Single leaf, float-mounted and framed (13 x 9 inches; framed size: 23 x 19 inches). Original gouache and watercolour over graphite drawing on paper watermarked Rafaello Fabriano, of the magnificent flowering West Indian Tufted Airplant, or Guzmania monostachia, annotated as such by Mee in pencil beneath the image and signed by her lower left.
Provenance: with Henry Sotheran Ltd, "Margaret Mee: works on paper and printed books", 2010, item 14.
A superb completed gouache of the splendid flowering West Indian Tufted Airplant, or Guzmania monostachia, which is an epiphytic bromeliad found in Brazil, the West Indies, and Florida (where it is threatened with extinction and considered endangered.
This painting was included in Mee's Flowers of the Brazilian Forests. London: The Tryon Gallery, 1968, as the frontispiece for one of the deluxe copies of the edition of 100 copies, signed by Mee, with an original gouache painting, and bound in vellum. Mee's magnificent botanical paintings illustrated in that book, most based on specimens collected during her own expeditions, includes several of plants either recently discovered (one by Mee herself) or never previously illustrated, as explained in the preface by Sir George Taylor, Director of the Royal Botanic Gardens at Kew, who compares Mee's paintings favorably to the work of her predecessor C.F. P. von Martius, author of the Flora brasiliensis (1840-1906). 17 plant families are represented, with each section introduced by one of 10 different botanist contributors. The plates are accompanied by detailed part-scientific, part-anecdotal descriptions by the artist. Some are quite poignant, for Mee experienced first-hand the tremendous losses to the world's ecological resources that began occurring in the 20th century. Noting, for example, that in previous years she was able to find the rare Brazilian orchid Laelia purpurata "in the swampy forests around Ubatuba," she deplores the fact that "these wonderful coastal forests are being steadily destroyed, often for use as firewood! With them perish untold numbers of animals and plants. So the advance of civilisation and industrialization proceeds at the cost of the total destruction of all that is most beautiful and precious in creation" (text to Plate 13).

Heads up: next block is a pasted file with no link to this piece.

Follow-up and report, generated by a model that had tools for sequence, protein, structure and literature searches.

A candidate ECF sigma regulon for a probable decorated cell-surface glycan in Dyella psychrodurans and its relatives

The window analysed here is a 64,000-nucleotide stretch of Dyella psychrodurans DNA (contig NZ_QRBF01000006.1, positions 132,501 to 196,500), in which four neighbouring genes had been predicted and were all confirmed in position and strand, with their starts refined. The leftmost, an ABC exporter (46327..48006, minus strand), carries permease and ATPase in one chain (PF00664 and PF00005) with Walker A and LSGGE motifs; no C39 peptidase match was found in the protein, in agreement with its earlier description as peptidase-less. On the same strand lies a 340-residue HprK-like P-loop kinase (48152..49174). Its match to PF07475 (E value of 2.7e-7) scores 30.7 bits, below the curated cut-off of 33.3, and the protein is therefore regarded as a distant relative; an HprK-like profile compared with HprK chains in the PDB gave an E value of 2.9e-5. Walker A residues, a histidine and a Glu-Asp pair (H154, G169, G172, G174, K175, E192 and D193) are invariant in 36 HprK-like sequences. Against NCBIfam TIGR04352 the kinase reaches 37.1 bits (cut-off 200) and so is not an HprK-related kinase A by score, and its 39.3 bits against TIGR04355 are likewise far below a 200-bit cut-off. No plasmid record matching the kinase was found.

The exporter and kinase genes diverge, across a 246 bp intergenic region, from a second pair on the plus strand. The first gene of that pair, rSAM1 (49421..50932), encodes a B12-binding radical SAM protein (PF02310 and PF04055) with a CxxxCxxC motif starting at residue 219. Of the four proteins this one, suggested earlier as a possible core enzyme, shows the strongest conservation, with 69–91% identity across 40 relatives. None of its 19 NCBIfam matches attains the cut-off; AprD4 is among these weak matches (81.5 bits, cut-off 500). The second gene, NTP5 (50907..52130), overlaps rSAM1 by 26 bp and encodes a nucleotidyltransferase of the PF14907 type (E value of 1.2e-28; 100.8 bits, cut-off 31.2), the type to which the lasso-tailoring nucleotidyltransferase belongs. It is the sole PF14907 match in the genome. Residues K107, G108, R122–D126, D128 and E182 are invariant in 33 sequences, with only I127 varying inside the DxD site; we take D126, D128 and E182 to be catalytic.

"Unlike Amazon botanical artists before her, Margaret worked entirely from living plants. Her fifteen expeditions into the interior, mostly to Amazonia, involved travelling and living under the most primitive conditions. She would draw at night by torchlight to capture rare nocturnal flowers, and this immediacy gave her paintings an accuracy, depth, and colour unrivalled by her predecessors. Her travels coincided with the beginning of the commercial exploitation of the forest, and she expressed her fury at the damage caused to the land and its peoples" (DNB).
Margaret Mee first visited Brazil in 1952 in order to care for her sister Catherine, who was ill. She soon settled there with her husband Greville Mee and it was a few years later that she made her first expedition up the Amazon. Over the next 32 years she made a number of further trips up the Amazon and in coastal areas of Brazil, some of them lasting for four months. During these years, she continued to paint and draw what she saw and kept diaries of her travels, later published. In 1988, shortly after completing another Amazon trip, Mee came to England to lecture to the Royal Geographic Society and to attend the opening of an exhibition of her paintings at the Royal Botanic Gardens, Kew. During this visit, she was tragically killed in a car crash. Catalogued by Kate Hunter